Ararat Collective

An Armenian antifascist collective founded during the Artsakh war in 2020


Ararat collective was founded by Armenians in Berlin following the 44-day war against Artsakh by Azerbaijan, which together with its Turkish and Islamist allies killed over 4,000 Armenians and ethnically cleansed over 70,000 in the Fall of 2020. During the protests against the war, we realized that we needed a platform for Armenians who actively oppose colonialism, imperialism and patriarchy in all their forms, and who wish to focus on an internationalist approach to resistance—building links and practical solidarity between all of the communities targeted by Turkish fascism, including Assyrians, Yazidis, and Kurds.

Together with members of these communities we started to meet and exchange and organized several demonstrations under the call “United Against Turkish Fascism”. We found many 1st, 2nd and 3rd generation exiles from our region who are eager to engage in conversations and get to know each other here in ways that are not possible under the shadow of fascism and war in our homelands.

At the same time, Germany is not exactly a safe refuge for our communities. Besides facing deportations and racism as other migrants and refugees, there are also very real threats from Turkish fascist organizations such as the Grey Wolves (Ülkücü), which are estimated to be the largest fascist organization in Germany with 18,000+ members. More broadly, many Turkish migrants remain ideologically aligned with the nationalist, panturkish and religious-chauvinist doctrines of Turkey and Azerbaijan, such that daily racism, threats and genocide denialism are a constantly reopening our wounds in schools, the streets, and the media.

Furthermore, the German state, politicians and capital remain deeply invested in their military alliance with Turkish imperialism, and heavily police our communities and our resistance. The media here is also largely silent on Turkey’s aggressions, war crimes, genocide denialism and acts of ethnic cleansing and ethnocide. This is particularly painful given Germany’s deep complicity in the Armenian and Seyfo Genocide of 1915 as an ally of the collapsing Ottoman empire and then the Young Turk’s regime. There has been almost no official recognition of how German leadership knew of the three Pasha’s intention to annihilate the Ottoman minorities and yet continued to supply weapons, infrastructure and logistical support, while arguing that the “disloyal” Armenians deserved it.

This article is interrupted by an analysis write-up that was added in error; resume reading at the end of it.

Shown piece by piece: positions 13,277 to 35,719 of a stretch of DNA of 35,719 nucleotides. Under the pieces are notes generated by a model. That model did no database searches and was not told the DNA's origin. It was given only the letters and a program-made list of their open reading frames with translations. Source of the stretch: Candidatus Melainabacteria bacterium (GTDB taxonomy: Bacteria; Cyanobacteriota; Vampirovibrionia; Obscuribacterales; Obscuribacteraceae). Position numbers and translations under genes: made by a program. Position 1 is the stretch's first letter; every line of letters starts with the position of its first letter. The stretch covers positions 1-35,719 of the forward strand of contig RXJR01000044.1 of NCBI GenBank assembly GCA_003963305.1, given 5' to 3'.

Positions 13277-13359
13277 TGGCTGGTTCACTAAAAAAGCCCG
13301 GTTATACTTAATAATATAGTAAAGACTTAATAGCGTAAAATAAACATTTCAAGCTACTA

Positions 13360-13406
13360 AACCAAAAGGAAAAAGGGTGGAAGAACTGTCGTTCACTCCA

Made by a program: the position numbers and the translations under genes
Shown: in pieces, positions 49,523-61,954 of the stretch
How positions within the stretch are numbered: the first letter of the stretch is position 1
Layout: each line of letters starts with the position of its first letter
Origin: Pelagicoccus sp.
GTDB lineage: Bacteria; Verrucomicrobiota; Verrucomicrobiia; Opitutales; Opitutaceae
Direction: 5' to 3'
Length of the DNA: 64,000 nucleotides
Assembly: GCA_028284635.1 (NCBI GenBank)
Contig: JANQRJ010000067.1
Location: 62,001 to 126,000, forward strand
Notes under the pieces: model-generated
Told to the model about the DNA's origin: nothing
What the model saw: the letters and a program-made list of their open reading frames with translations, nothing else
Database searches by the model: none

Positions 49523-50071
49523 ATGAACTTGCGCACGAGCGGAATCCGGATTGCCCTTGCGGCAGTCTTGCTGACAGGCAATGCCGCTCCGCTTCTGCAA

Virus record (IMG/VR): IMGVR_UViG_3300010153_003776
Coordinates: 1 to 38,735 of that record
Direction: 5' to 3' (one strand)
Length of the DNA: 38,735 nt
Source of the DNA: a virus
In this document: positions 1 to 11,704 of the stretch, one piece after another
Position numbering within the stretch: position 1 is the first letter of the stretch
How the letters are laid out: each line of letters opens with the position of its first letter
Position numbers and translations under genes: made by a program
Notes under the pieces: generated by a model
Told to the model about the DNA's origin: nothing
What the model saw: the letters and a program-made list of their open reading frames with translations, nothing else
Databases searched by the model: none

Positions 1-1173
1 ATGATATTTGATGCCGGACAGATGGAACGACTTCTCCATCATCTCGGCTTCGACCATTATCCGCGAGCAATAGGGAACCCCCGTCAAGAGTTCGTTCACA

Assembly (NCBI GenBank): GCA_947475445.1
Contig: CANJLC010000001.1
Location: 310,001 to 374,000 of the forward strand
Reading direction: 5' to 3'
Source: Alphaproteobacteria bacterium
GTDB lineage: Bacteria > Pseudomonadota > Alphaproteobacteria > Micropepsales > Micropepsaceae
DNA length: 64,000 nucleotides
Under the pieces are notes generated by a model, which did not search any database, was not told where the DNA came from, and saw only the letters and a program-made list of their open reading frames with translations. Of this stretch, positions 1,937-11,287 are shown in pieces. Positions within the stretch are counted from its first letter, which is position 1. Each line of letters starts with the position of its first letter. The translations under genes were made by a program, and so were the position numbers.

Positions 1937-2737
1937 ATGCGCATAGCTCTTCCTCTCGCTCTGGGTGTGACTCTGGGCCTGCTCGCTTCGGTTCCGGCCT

The response of EU governments—but also of civil society and the left—to the war has been shockingly inadequate if we consider that the fact that a Turkish state that still denies the genocide it was founded upon has now gone to war with the remaining people it could not destroy and has announced its intention to “complete the mission of the forefathers”, as Erdogan recently stated, while continuing to use terms like Lebensraum at a high level of government.

All of this means it is more crucial for than ever Armenians to come together with each other and with potential allies, especially those of us who are not blinded by the hypocrisy of Western ‘humanitarianism’ and ‘democracy’ and do not succumb to the wishful thinking that after 106 years the West, or Russia or any other great power is willing to save us from this perilous moment.

Last but not least, Armenian diasporic life is a space of great potential joy and divergent experiences. We have much to learn much from one another and about the cultures and politics we have been part of and the places we have called home after the Aghet—the catastrophe. Armenians in Berlin come from the state of Armenia (East Armenia), from West Armenia (occupied by Turkey), from Syria, Iran, Lebanon, California and all over the world.

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